And that's something experts and scholars say we should be careful of.
The narrative of the 'outside agitator' has long been used to undermine protest movements in the United States. Even Civil Rights Movement leader Martin Luther King Jr. -- often invoked in conversations today about how people should demonstrate -- was referred to by Southern white people as an outside agitator.
Here's why experts say we should be wary of that narrative.
It's been used to discredit protests
Framing the unrest as caused solely by outside agitators suggests that the protesters involved in social change movements are carrying out someone else's nefarious agenda, rather than mobilizing over legitimate concerns of their own, said Aldon Morris, professor of sociology and African American history at Northwestern University.
"It suggests that they don't have the wherewithal, the agency, to organize and to mobilize and to lead protest movements," Morris told CNN. "In that sense then, if they are incapable of doing that, then surely it must be the work of others outside the protest community."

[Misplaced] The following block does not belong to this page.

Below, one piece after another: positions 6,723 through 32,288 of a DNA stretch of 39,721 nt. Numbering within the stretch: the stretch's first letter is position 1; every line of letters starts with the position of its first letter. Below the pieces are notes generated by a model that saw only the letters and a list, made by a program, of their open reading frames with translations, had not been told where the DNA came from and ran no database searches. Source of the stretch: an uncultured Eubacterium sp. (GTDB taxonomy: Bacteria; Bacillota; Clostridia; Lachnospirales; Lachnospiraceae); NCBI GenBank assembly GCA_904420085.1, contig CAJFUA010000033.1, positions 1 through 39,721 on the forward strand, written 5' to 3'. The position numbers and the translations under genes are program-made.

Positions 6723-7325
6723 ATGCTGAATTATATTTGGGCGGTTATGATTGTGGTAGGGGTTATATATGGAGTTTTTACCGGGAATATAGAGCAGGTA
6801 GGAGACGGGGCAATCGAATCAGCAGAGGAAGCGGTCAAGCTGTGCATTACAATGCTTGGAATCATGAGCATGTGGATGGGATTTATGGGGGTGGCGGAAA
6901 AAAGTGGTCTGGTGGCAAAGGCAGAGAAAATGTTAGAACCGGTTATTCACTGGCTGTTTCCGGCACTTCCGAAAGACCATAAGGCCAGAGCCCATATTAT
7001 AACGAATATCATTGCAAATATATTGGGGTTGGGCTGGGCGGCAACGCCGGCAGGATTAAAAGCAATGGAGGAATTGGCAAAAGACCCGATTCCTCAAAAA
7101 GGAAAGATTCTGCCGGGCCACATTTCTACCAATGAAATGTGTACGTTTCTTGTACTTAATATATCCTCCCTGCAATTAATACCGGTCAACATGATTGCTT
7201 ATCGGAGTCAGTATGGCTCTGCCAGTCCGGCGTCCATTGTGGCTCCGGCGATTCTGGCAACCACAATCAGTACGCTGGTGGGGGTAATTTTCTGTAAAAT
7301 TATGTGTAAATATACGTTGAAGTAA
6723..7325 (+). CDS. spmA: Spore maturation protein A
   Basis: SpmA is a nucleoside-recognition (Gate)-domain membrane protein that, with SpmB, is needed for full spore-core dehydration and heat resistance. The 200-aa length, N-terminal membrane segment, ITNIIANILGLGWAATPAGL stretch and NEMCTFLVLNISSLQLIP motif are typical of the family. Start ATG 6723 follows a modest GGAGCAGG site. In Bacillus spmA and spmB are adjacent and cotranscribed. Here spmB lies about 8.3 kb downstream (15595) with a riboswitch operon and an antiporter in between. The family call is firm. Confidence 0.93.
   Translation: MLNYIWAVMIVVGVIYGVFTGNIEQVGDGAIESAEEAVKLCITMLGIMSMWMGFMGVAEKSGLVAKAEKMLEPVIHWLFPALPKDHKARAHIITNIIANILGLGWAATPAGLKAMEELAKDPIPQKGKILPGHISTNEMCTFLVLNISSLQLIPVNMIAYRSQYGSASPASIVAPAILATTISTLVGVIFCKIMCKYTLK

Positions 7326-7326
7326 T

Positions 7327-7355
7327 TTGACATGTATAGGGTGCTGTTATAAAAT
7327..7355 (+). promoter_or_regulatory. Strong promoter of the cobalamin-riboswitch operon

During the 1921 Tulsa race massacre
, when a white mob attacked black residents and burned black-owned businesses in Tulsa's Greenwood District, Oklahoma leaders and white Tulsans blamed outside agitators
for inciting black residents to seek racial equality.
That included scholar, teacher and activist W.E.B. DuBois, who was described by Oklahoma's governor at the time as "an agitator of the worst type."
DuBois had visited Oklahoma a few months earlier and likely raised consciousness about injustices against black people, wrote Alfred Brophy
in the book "Reconstructing the Dreamland: The Tulsa Riot of 1921." And though it was a white mob that attacked the city's black community, officials and police suggested that DuBois and the black press provoked it.
Morris, who has studied social movements for decades, said that data has shown claims about outsiders playing a significant role in demonstrations are unproven. In reality, most of the people leading and participating in demonstrations are from oppressed communities.